Michael Swan in his book http://ielts-house.net/Ebook/Vocabulary/Practical English usage.pdf (page 1) writes:

Commentaries on fast-moving events like football matches also have their own grammar. Less important verbs are often left out.

Goal kick ... And the score still Spurs 3, Arsenal 1 ... that's Pearce ... Pearce
to Coates ... good ball ... Sawyer running wide ... Billings takes it, through
to Matthews, Matthews with a cross, oh, and Billings in beautifully, a good
chance there - and it's a goal!

I am trying to decipher it and write all of the above in the traditional and full grammar with no words left out

It's a goal kick ... And the score has still been so that the Spurs has 3 goals, the Arsenal has 1 goal ... that's Pearce ... Pearce is heading
to Coates ... this is a good ball ... Sawyer is running widely ... Billings is taking it, through
to Matthews, Matthews with a cross, oh, and Billings in beautifully
, it's a good
chance there - and it's a goal!

The red words are the words I don't understand at all. They look like some random set of words... Is it correct what I added and how do I understand and write the red part?

TheeGoal kick

The referee has judged that the ball was touched last by the attacking side before it went out of play over the end line and has therefore declared that the goalkeeper will put the ball back in play. "Goal kick" is the normal way of saying that.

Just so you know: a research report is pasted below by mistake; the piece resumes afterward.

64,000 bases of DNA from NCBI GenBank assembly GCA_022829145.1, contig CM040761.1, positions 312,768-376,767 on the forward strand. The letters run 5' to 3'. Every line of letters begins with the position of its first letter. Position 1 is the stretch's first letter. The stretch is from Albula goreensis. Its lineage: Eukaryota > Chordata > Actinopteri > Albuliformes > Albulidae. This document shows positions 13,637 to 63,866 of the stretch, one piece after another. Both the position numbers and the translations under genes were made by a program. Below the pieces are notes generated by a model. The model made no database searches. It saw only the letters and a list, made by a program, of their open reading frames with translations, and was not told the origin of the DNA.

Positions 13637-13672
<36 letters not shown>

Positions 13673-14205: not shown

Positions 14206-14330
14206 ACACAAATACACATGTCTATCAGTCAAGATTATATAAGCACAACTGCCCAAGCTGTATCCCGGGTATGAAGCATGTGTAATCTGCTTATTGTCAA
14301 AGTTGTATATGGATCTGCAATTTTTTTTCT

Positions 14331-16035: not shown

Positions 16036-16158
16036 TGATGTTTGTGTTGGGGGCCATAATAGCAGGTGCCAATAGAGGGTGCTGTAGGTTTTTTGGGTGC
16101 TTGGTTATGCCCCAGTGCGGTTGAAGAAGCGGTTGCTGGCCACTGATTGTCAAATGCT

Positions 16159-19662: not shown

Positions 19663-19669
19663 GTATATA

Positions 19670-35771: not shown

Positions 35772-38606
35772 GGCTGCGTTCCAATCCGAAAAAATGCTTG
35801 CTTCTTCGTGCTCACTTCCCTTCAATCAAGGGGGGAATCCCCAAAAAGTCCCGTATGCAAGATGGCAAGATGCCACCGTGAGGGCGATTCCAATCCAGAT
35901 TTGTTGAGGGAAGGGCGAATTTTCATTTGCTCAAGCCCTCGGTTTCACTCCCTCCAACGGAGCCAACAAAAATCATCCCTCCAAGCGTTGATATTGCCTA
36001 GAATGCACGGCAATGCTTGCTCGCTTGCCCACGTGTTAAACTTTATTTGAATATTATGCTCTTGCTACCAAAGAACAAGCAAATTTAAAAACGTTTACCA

TheeAnd the score still Spurs 3, Arsenal 1

"And the score is still Spurs 3, Arsenal 1." That (with "is") is how we normally say a score. There is no other abridgement.

Thee that's Pearce

"Pearce has possession of the ball."

TheePearce to Coates

"Pearce passes the ball to Coates."

Theegood ball

Someone has passed the ball well. "That is a good ball."

TheeSawyer running wide

Sawyer is running down the pitch toward the other team's end over near the sideline. "Sawyer is running wide."

Thee Billings takes it, through to Matthews,

Billings has received a pass and has himself passed the ball between opposing players to Matthews. "Billings takes it and kicks it through the crowd to Matthews."

TheeMatthews with a cross

Matthews, in possession off to one side of the goal, has kicked the ball transversly across the pitch such that it passes in front of the goal mouth not far from it. "With a cross" is the usual way of saying that, or "Matthews crosses the ball."

TheeBillings in beautifully

Billings does an admirable job of getting himself under the cross ball. "Matthews is in beautifully." "In" means that he has entered the penalty area, I think.

Theea good chance there

Soccer commentators speak of chances, a side's moving the ball into a position they can score from.

Why do we say "Billings takes it" but "Sawyer is running wide" when both of them are happening now? When to use Present Simple and when to choose Present Continuous?